What’s a Storefront?

October 18th, 2012

What do I mean by “storefront”? Do I mean eBay, or Amazon.com, or something else?

I mean a presence on any marketplace that lets individuals or businesses set up shop and something. That could be eBay, but it could also be a small, free site like Storenvy, or a popular general merchandise site that’s an alternative to eBay such as Bonanza.

Once you set up one store, you can diversify your inventory and set up one more. And another, and another…all the stores target a different market segment. All contribute to your overall business.

I am currently preparing to give a public talk, “The Three-Step Profit Plan: How you can make money online using websites, social media and storefronts” at Waubonsee Community College Oct. 18 at 6:30 p.m. Find out more on the college’s website.

A discussion at the recent Shop.org conference brought together executives from Facebook, Google, and ShopRunner. The three gave their views on how merchants can keep up with new technological trends, while getting in a few barbs about their recent ups and downs. My ECommerceBytes article is here.

My most recent article on ECommerceBytes focuses on ChannelGrabber, a UK company that helps businesses manage multiple sales channels. One store, site, and venue is not enough. You need to make your sites, social media comments, and storefronts all work together to drive customers to your products and services.

Whatever you do online, you have to do wholeheartedly. Following something you are passionate about and know something about already gives you a good base from which to operate.

In the previous post, the budding entrepreneur, a former physician, wanted to start a website having to do with art. She hoped to learn more about art in the course of working on the site. It’s hard to sell art online. You have to have some kind of background or authority in the field already in order to succeed. How else will you compete with all the other sites selling reproductions or original art out there?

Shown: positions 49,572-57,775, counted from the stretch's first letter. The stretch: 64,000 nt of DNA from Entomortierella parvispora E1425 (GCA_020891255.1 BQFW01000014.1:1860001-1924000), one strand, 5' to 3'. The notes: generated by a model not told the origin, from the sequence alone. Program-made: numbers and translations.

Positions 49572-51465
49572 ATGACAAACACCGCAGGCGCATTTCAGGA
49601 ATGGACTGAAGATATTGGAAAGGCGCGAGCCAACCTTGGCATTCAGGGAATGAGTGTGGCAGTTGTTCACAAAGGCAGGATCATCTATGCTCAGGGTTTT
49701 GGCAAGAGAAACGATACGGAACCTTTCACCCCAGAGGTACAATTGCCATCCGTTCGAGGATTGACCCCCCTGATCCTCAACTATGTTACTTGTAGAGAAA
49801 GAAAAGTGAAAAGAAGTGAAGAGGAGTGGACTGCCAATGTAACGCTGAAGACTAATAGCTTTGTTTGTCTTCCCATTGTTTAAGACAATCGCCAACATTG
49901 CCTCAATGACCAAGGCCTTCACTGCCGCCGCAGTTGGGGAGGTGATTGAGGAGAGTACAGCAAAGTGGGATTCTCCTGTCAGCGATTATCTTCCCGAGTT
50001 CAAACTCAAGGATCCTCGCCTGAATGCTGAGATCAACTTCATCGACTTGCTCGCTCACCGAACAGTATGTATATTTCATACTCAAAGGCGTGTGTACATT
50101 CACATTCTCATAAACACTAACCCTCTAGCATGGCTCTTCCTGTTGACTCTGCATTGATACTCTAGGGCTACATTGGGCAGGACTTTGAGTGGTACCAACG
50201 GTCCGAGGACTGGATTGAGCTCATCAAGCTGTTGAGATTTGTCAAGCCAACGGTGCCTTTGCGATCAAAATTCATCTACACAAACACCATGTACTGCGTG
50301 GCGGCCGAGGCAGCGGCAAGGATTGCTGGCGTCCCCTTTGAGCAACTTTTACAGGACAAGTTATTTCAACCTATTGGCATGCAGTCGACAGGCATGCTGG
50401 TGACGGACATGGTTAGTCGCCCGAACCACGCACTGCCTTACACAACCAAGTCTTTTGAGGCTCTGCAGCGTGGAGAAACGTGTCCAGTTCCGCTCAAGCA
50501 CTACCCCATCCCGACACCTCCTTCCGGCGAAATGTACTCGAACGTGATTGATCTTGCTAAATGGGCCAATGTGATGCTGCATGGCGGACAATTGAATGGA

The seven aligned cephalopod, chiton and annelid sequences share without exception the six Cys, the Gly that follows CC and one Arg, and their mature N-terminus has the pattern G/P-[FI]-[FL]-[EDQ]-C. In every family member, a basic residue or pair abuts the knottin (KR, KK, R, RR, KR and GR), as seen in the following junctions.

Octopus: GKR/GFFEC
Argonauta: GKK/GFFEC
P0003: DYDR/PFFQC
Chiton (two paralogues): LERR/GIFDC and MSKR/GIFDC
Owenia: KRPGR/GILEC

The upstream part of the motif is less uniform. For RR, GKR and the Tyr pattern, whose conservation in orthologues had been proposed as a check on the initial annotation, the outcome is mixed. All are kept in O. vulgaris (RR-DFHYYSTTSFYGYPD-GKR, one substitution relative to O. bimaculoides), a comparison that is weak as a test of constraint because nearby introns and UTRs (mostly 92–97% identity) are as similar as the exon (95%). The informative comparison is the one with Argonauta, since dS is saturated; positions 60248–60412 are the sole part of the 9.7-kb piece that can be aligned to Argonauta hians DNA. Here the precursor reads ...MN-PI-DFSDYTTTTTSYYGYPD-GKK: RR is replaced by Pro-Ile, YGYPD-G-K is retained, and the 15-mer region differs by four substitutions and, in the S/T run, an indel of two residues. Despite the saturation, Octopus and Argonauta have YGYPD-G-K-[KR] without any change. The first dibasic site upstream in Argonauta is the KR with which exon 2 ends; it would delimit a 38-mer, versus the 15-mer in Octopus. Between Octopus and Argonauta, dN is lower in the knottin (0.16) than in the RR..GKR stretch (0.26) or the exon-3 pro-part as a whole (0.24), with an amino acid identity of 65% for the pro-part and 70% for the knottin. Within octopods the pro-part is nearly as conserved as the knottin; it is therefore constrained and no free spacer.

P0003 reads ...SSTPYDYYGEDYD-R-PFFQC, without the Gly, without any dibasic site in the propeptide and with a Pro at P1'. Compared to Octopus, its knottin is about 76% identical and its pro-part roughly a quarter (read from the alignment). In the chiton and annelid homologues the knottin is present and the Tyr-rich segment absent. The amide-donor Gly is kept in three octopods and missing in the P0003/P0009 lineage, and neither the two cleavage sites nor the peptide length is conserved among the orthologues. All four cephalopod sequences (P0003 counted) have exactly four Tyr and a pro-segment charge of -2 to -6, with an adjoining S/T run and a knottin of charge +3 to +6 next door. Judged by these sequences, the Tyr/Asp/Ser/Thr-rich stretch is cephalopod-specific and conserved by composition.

My advice to the writer: consider starting a blog about your experience as a physician. Invite basic questions about health issues from readers. Provide some “inside stories” about what it’s like to be a doctor. Perhaps describe things that need to be improved with the insurance or health care system in the U.S. This kind of blog could be really compelling. The blog could then link to an art site. Having developed a steady stream of visitors to the “Ask the M.D.” blog, the art site would have a chance of generating some traffic rather than starting from zero. One of the basic principles of e-commerce is to sell your knowledge and build on your background. That applies in this case, too.

Starting a Second Career Online

September 4th, 2012

A reader of Starting an Online Business for Dummies wrote me over the weekend. She is a former physician who is now an empty nester. Having just sent two young women to college, this had an impact on me. She is thinking about creating a website. She wrote:

“The more I read [your book], the more work seemed involved in doing an online business right. This is a second career for me and I really don’t want to put so much time into it right now. Can you recommmend a good quality consultant that I could hire to do most of the work to realize my business concept?”

In my book, I do profile a business planner, but he’s not really a consultant. It’s not something you can farm out to someone else. You have to be very involved and committed enough to test and revise your business to improve performance. On the other hand, there are businesses to help you. My response: